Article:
"When it comes to Black Friday our best advice is to keep your guard up and know that anytime people gather it creates the conditions for COVID to spread. We encourage everyone to lay low and stay home as much as you can," a spokesperson for the state health department told Bring Me The News. 

"This is especially true if you socialized with people outside your household for the holiday. It can take up to 14 days after exposure for symptoms to develop, and we know as many as 40-50% of people who become infected don’t show symptoms, but could still spread the virus to others."

If you simply have to get to the store, MDH recommends shopping during non-peak hours, keep additional space between yourself and others, and washing your hands frequently. 

Stores throughout MOA had employees monitoring the number of shoppers allowed inside at a time, with the rest waiting in line outside the entrance, as shown below at an Amazon store. 

Image from iOS (18)

The scene at MOA when it opened for Black Friday deals was quieter than usual, but according to this Twitter user, around 200 people waited for five-plus hours before the doors opened, then sprinted to a Game Stop store only to learn that it didn't have any of the new Playstation 5 consoles. 

Overall, MOA did everything possible to make the shopping extravaganza as safe as possible.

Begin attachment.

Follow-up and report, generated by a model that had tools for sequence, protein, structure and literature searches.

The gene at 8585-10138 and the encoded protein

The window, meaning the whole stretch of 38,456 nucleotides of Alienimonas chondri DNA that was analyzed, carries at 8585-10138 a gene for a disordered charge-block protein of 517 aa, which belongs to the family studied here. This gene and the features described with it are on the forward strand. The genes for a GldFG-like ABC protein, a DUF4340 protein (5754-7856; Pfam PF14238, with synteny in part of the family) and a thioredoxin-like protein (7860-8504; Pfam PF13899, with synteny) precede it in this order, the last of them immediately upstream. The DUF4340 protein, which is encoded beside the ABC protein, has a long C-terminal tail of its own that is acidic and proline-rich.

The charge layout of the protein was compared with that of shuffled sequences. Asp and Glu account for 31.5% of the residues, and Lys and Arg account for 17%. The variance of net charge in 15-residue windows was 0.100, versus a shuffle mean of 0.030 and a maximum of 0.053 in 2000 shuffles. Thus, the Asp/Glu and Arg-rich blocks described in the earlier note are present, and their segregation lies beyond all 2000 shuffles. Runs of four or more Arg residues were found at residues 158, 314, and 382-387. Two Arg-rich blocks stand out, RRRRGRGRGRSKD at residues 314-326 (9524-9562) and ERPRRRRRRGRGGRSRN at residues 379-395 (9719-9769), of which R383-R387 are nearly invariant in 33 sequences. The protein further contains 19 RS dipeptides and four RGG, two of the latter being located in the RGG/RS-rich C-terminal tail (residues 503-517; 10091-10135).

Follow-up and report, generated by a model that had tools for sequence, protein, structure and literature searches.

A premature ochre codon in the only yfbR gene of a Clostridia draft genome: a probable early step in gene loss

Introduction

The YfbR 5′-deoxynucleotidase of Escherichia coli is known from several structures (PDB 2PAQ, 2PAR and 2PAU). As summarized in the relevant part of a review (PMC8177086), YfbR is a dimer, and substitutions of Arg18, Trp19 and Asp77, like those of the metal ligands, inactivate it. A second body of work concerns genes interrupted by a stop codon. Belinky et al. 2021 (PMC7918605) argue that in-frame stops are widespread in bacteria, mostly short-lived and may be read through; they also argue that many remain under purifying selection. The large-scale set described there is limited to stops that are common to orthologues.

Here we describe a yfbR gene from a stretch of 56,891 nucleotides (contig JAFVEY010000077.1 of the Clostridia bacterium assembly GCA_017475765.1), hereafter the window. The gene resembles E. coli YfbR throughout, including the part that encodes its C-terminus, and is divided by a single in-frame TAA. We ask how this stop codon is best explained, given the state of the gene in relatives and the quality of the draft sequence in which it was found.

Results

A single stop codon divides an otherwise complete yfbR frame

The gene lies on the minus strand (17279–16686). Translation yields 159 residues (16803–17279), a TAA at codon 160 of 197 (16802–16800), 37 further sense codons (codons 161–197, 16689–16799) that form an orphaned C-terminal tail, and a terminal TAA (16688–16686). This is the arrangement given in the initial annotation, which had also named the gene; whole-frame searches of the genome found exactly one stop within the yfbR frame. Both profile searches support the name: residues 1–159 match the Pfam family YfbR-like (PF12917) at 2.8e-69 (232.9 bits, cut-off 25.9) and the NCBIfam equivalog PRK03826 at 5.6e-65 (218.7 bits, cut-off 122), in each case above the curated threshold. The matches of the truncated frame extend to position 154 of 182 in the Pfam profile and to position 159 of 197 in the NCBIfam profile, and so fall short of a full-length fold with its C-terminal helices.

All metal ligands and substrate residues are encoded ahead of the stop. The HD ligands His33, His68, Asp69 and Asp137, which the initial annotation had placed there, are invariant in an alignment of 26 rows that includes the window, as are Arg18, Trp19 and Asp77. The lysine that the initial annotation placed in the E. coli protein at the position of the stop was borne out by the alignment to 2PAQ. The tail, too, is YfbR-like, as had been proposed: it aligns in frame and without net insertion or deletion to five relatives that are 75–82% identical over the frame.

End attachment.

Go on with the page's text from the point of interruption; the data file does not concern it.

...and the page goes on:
Next Up

Screen Shot 2023-01-30 at 9.31.03 AM

Old Navy closes Eagan store

There's another change in store for the popular Eagan strip mall.


Charges: Man shot victim in leg outside a Cowboy Jack's

Corey Ryman allegedly chased another man around a parking lot before shooting him.

police lights squad car dark - Unsplash

Man shot in both feet after interrupting vehicle break-in in St. Paul

The incident happened just before 10 p.m. Saturday.


Cook County — The cure for cabin fever

Come bask in the quiet of this peaceful winter getaway.

Screen Shot 2023-01-29 at 1.54.31 PM

Missing: Minnesota man last seen in Sioux Falls area

Aaron Pearson, 41, was reported missing on Thursday.

Screen Shot 2023-01-27 at 7.45.44 PM

Protest for Tyre Nichols to be held outside MN Governor’s Mansion

Activists groups say they’ll call on Gov. Tim Walz and the Legislature to implement police reforms.


Minnesota pool contractor banned from industry, must pay $2 million-plus

Minnesota Attorney General Keith Ellison filed suit against Charles Workman and his company, MN Crete Pools, LLC, in August.

Minneapolis police

St. Paul man identified as victim of north Minneapolis homicide

The shooting occurred on the 2200 block of Emerson Avenue North on Wednesday.


Two youths seriously injured after being struck by driver in Bloomington

Police say the boy is in a critical condition, while the girl has severe injuries.



CDC recommends wearing a fabric mask if social distancing can't be maintained

The CDC is urging Americans to wear fabric masks in places where it's hard to maintain distance from others.

teacher, covid, masks, school

As start of school approaches, Osterholm urges parents to buy high-quality masks

Dr. Michael Osterholm is worried that some districts aren't properly prepared.

coronavirus, pandemic, masks

Map shows where Minnesotans are wearing masks, everywhere they're not

In most of Minnesota, people are not wearing face masks in public despite the fact it can help prevent the spread of the virus that causes COVID-19.